Continuous improvement is a philosophy of looking to improve products and processes. The greatest effort is spent on small, incremental changes. Over time, these changes add up to major improvements that increase efficiency, improve productivity, provide better quality, and reduce costs.
Continuous Improvement Model
Numerous continuous improvement methodologies have been developed over the years, including Kaizen, Plan-Do-Check-Act (PDCA), and others. Each methodology, in turn, relies on four underlying concepts:
Employee engagement: Ideas for improvements come from and are implemented by employees. This enables organizations to develop solutions that eliminate the root cause of the problem. Because employees are involved in developing and implementing improvements, employees become more invested in the business.
Incremental change: Many improvements are relatively minor in scope. They involve eliminating overly complex steps or processes, making it easier to implement future changes.
Continuous feedback: Once improvements are implemented, they are closely monitored and improved upon as the situation requires. Nothing is set and left alone forever.
Measurable results: Goals are generally measurable, and when improvements are clear, those changes can be applied in other areas of the business.
Each concept supports the other and helps create a sustainable model for continuous improvement.
Continuous Improvement Using the PDCA Cycle
Among the most widely used tools for continuous improvement is the PDCA cycle, also known as the Deming Cycle. PDCA is an organized approach to continuous improvement that guides the problem-solving process through four easy steps:
Plan: The first step requires workers to identify an area that needs improvement, involve important stakeholders who may be impacted, and develop a plan as a team. When developing the plan, try to identify the root cause of a problem and develop a solution that will eliminate it.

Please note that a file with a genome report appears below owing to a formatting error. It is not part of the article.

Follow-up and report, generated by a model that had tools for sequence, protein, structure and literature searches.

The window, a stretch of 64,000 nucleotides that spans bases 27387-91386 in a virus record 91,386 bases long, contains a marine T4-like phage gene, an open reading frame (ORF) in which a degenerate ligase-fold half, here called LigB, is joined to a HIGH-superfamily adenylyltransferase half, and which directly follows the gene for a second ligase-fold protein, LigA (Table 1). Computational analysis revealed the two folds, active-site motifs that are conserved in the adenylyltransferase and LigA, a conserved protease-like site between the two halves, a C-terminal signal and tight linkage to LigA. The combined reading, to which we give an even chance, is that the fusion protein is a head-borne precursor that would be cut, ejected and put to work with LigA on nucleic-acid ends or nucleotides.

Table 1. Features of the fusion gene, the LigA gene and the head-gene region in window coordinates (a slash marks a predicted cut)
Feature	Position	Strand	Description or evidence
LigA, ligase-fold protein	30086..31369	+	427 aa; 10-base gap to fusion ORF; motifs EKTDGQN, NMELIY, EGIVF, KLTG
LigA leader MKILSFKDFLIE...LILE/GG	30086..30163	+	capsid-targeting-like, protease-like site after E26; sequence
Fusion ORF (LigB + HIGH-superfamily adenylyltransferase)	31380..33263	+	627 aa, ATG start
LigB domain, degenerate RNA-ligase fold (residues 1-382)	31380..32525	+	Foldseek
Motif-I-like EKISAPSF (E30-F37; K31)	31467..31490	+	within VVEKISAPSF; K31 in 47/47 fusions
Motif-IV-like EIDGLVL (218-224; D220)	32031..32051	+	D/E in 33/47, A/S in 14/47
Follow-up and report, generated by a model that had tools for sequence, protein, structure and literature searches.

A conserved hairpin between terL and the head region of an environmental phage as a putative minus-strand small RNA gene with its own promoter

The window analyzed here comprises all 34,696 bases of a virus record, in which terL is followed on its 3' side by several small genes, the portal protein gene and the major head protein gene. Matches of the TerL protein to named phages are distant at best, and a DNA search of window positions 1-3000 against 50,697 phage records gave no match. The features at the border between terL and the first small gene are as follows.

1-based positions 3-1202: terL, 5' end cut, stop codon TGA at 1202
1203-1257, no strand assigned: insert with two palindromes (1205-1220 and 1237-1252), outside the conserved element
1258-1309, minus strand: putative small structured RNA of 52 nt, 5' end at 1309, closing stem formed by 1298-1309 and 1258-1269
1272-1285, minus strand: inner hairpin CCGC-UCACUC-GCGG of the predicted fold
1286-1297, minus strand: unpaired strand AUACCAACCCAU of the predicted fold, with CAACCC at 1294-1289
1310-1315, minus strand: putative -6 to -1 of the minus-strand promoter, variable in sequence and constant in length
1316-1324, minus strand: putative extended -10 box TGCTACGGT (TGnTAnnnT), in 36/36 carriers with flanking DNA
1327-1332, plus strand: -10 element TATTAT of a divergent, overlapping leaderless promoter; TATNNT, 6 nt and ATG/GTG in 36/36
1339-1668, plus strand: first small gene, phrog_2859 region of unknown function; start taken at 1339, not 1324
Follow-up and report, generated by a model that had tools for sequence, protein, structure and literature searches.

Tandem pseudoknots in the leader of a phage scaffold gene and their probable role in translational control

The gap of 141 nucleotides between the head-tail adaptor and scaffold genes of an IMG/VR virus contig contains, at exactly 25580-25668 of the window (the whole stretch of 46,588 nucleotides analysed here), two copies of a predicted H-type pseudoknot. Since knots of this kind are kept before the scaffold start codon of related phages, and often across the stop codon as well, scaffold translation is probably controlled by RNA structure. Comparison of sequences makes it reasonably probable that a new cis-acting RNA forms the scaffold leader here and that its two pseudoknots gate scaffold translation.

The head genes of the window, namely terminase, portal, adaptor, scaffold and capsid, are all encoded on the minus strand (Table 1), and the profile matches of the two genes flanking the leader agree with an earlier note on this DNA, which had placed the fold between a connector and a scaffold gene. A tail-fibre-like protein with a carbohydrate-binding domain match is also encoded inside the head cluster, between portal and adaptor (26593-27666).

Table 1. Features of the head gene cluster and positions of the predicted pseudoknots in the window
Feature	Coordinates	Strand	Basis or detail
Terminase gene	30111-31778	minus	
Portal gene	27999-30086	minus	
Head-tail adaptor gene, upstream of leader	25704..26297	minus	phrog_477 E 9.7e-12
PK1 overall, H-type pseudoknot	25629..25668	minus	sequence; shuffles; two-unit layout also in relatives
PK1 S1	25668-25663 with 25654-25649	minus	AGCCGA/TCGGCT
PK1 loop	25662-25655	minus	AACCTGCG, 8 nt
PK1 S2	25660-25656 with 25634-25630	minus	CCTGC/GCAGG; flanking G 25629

Do: Taking the plan, implement the change in a pilot area where it can be applied. Ideally, the improvement should only impact a small area, so it doesn’t disrupt the workplace. Once implemented, keep track of what has been done and the results of the change.
Check: Analyze the data and determine if the action had the expected impact. Did the change unexpectedly impact any areas or processes? Were there any negative effects brought about by the change? Did the change accomplish its overall goal?
Act: If the change worked as expected, begin incorporating it throughout the business. Begin slowly at first, because the change may affect other parts of the business in a slightly different way than the first area. If the improvement didn’t work, use what you’ve learned and restart the process at the “Plan” step.
Improvements shouldn’t stop once implemented. Processes should continue to run through the PDCA cycle to address inefficiencies and other potential issues that arise over time, ensuring that work processes continuously improve.
Benefits of Continuous Improvement
Because most continuous improvement programs focus on small changes, businesses will see a significant time and resource savings compared to large, capital intensive improvement projects. Benefits, however, are not limited to the initial cost savings.
Improved productivity: Problems are solved by the employees who perform the work. Workers will more readily notice issues that reduce productivity and develop solutions accordingly.
Simplified processes: Continuous improvement can eliminate arduous work. Workers should be directed to seek current processes that require excessive time or effort to complete. Once found, employees can run these tasks through PDCA and develop simpler processes.
Increased quality: Continuous improvement programs encourage employees to look for ways to improve the workplace. This includes looking for issues that impact quality. When found, employees work as a team to create a solution that eliminates defects and increases quality.
Improved communication and cooperation: If properly implemented, continuous improvement will result in better communication and excellent teamwork. At its very core, continuous improvement relies on worker engagement and building strong cross-departmental teams that work together to solve problems.
Who Should Use Continuous Improvement?
Many continuous improvement processes were created to improve manufacturing and production processes. However, continuous improvement can benefit many other sectors as well, including education, finance, IT, software development, and healthcare.
If your organization is looking to streamline processes or improve business practices, a variety of continuous improvement programs may fit your business’s needs:
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